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Claire of the Sea Light

Claire of the Sea Light - Edwidge Danticat

I do love the way Edwidge Danticat writes. This book is full of lovely passages but never feels overwritten. You never get the idea that Danticat is trying too hard; this is just the way she expresses herself. The book feels effortless, and yet it's hard to find a page without a memorable, evocative paragraph.


For example:


It was so hot in Ville Rose that year that dozens of frogs exploded. These frogs frightened not just the children who chased them into the rivers and creeks at dusk, or the parents who hastily pried the slimy carcasses from their young ones' fingers, but also twenty-five-year-old Gaelle, who was more than six months pregnant and feared that, should the temperature continue to rise, she too might burst. The frogs had been dying for a few weeks, but Gaelle hadn't noticed at first. They'd been dying so quietly that for each one that had expired, another had taken its place along the gulch near her house, each one looking exactly the same and fooling her, among others, into thinking that a normal cycle was occurring, that young was replacing old, and life replacing death, sometimes slowly and sometimes quickly. Just as it was for everything else.


(I defy you to find a more elegant paragraph about exploding frogs.)


And yet, much like Colum McCann's Transatlantic, all of the gorgeous words don't seem to add up to much. Danticat does a wonderful job of creating her setting--Ville Rose, a small village in Haiti--but she doesn't seem to do a lot with it. Claire of the Sea Light is less a novel than a series of connected short stories, so we meet many of Ville Rose's inhabitants. But most of the characters, with the exception of Nozias, lack depth.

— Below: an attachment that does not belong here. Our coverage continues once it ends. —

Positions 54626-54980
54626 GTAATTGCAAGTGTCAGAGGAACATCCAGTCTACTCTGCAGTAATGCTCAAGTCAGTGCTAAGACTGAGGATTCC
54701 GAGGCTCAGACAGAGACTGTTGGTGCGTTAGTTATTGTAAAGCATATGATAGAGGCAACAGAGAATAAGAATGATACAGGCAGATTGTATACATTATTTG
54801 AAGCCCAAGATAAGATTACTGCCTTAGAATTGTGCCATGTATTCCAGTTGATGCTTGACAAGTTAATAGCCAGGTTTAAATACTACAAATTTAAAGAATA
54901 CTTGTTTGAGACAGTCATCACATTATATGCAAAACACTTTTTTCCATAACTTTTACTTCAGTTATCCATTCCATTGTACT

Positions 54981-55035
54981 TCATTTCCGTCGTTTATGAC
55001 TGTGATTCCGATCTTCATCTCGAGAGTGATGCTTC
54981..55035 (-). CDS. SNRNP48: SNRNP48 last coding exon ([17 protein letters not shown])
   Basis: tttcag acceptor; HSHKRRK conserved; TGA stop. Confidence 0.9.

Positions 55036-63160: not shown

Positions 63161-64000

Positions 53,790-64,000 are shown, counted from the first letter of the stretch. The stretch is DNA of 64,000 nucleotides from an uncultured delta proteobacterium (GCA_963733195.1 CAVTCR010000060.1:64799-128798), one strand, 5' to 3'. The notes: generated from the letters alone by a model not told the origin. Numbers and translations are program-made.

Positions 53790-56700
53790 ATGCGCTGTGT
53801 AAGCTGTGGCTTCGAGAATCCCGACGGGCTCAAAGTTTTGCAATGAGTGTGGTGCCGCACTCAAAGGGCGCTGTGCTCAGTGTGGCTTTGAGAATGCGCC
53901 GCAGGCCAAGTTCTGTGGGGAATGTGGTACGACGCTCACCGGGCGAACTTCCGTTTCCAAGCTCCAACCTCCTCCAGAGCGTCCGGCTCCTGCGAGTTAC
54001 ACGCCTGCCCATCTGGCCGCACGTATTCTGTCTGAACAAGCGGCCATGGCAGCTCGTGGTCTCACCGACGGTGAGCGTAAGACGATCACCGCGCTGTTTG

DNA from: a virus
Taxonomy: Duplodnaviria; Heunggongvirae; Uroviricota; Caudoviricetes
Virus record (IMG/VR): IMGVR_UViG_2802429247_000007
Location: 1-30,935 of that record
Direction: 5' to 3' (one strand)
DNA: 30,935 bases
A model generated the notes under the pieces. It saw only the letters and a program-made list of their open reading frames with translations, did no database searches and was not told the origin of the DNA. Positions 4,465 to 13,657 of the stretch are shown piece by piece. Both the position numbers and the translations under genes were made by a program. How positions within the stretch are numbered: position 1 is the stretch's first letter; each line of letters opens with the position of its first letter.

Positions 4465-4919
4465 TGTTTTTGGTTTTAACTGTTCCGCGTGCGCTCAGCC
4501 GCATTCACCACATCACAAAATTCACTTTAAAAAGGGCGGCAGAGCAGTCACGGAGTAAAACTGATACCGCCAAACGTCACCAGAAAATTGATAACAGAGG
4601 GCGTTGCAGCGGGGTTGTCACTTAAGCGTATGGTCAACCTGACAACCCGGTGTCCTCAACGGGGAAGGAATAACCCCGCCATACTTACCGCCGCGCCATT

The book's milieu is intriguing, but the themes are slight. And--again like Transatlantic--the stories don't come together at the end in a satisfying way. I don't need everything to wrap up neatly--that would be far too artificial--but I do want to feel at the end that every character's story was vital to the larger themes of the book. And I didn't get that here. Instead, as I finished the last page, I just felt wistful for the book this could have been if Danticat had plumbed the depths of her characters and their village just a bit more.